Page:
Long pepper is believed to provide a range of health benefits which keeps demand for the spice high. Combined with limited production, the price is higher for long pepper than your average spice.
7. Organic Fennel Pollen
Fennel pollen is a powerful spice that adds delicious licorice and citrusy flavor to food. Although it can be sprinkled over roast vegetables and meat, it also adds a “special something” to baked goods.
Collecting fennel pollen is a painstaking task that requires picking by hand from wild fennel. Although the plant grows aggressively, it is found in fairly limited locations around the world such as California and Italy.
8. Vanilla Bean
Being an everyday ingredient, people are often shocked to see vanilla on this list. However, it’s not the essence or extract we’re referring to here, the vanilla pods are the pricey option. In-store they look unassuming in their withered brown pod. But once opened, the tiny seeds inside can be scraped into desserts to add an amazing depth of flavor than no essence can provide.
Vanilla beans have a very limited supply because they are a challenge to grow. Their vine can take up to four years to mature and their flowers bloom on just one day of the year. To produce beans, the flowers need to be pollinated on that day. The pods must then be cured for several months, adding to a drawn-out production process.
Prices of vanilla beans will vary depending on the origin. For example, the Tahitian variety will cost a lot more than those sourced from Madagascar.
Mahlab is sourced from Southern Europe, the Middle East, and the Mediterranean, and comes from a cherry seed. It has a unique combination of cherry, almond, and rose flavor that is delicious in scones, pastries, chocolate, and ice cream.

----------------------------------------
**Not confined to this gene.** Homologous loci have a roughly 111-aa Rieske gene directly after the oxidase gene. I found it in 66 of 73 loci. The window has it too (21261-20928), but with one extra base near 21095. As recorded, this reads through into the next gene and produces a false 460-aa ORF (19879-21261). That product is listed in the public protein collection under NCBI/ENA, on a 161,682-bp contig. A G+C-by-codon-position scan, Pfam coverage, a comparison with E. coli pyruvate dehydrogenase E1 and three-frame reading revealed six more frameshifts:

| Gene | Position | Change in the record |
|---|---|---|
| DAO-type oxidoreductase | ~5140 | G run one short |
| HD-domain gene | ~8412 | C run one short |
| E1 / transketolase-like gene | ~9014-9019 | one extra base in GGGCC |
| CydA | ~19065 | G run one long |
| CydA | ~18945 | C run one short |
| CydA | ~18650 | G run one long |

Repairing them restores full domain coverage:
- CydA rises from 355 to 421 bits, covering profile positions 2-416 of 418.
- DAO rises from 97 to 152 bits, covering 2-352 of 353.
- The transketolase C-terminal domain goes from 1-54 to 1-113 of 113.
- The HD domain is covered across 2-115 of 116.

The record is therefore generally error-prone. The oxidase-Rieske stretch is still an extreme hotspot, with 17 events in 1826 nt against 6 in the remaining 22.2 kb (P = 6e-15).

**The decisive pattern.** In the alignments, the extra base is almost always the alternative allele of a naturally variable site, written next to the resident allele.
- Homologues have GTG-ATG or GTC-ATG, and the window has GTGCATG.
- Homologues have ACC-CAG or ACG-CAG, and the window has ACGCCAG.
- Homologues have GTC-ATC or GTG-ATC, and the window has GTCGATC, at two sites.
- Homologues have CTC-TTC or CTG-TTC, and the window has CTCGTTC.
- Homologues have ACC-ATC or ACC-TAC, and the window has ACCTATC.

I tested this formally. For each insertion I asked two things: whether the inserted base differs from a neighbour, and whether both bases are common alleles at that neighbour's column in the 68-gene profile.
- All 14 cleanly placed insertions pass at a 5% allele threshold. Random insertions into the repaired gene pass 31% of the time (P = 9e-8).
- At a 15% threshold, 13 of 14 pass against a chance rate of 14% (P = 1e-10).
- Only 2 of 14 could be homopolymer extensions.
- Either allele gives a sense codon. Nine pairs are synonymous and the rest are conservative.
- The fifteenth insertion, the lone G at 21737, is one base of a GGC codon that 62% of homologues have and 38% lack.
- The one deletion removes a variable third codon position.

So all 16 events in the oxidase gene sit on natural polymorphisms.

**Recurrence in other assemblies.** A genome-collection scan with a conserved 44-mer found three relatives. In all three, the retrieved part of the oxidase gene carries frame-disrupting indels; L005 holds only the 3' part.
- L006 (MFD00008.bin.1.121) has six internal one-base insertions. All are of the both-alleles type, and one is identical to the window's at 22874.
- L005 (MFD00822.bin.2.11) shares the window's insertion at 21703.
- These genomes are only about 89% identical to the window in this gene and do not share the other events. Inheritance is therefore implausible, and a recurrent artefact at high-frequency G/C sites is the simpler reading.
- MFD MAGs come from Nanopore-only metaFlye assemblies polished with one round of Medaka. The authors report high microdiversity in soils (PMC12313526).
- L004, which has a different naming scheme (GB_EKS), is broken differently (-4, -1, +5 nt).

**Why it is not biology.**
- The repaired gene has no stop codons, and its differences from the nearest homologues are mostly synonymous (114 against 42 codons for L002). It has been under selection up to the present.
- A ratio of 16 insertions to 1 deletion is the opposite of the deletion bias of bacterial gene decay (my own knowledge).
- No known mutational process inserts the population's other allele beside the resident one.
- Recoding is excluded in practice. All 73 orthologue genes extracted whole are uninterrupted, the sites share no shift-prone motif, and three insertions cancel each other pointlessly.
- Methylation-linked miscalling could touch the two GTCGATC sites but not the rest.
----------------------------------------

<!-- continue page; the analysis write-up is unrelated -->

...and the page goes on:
Although mahlab production isn’t as difficult as some other spices like saffron or vanilla bean, there is limited production of the cherry pits. As demand increases from the western world, thanks to a growing interest in Middle Eastern cooking, prices go up.
Saffron is a vibrant red powder that adds amazing yellowish color and pungent flavor to paella, risotto, and bouillabaisse. No other ingredient can replicate this spice in the kitchen, and this makes it a sought-after ingredient. At the time of writing, this was the most expensive spice in the world and more costly than gold based on price per weight.
Harvesting saffron crocus is limited to just three weeks of the year. It involves a manual, time-consuming process of picking the flowers early in the morning to lock in the flavor. The stigmas then need to be plucked from their blue flowers before being dried.
Summary table of spice prices
|Grains of paradise||$15||$250|
|Black Cumin Seed||$15||$250|
|Kaffir lime leaves||$14||$233|
Prices in USD. Based on 2020 retail prices offered online.
Spices range in price depending on supply and demand. All the spices listed on this page are expensive because they’re either time-consuming to harvest, or there is limited supply worldwide. Until new technology can make the production process more efficient, it looks like these spices will remain at their high levels.
There is some good news though. Many recipes only require a small amount to bring food to life. So, even though you may balk at the price per ounce when you’re out shopping, you should be able to get a lot of use from your purchase.
Of course, the quality will play a big part in pricing. You may get a cheaper price than what we’ve mentioned here. Maybe you’re getting a great deal, but often you’re getting an old product or worse still, fake spices. Always buy from a reputable seller who you can trust.
www.spicesinc.com and Amazon.com.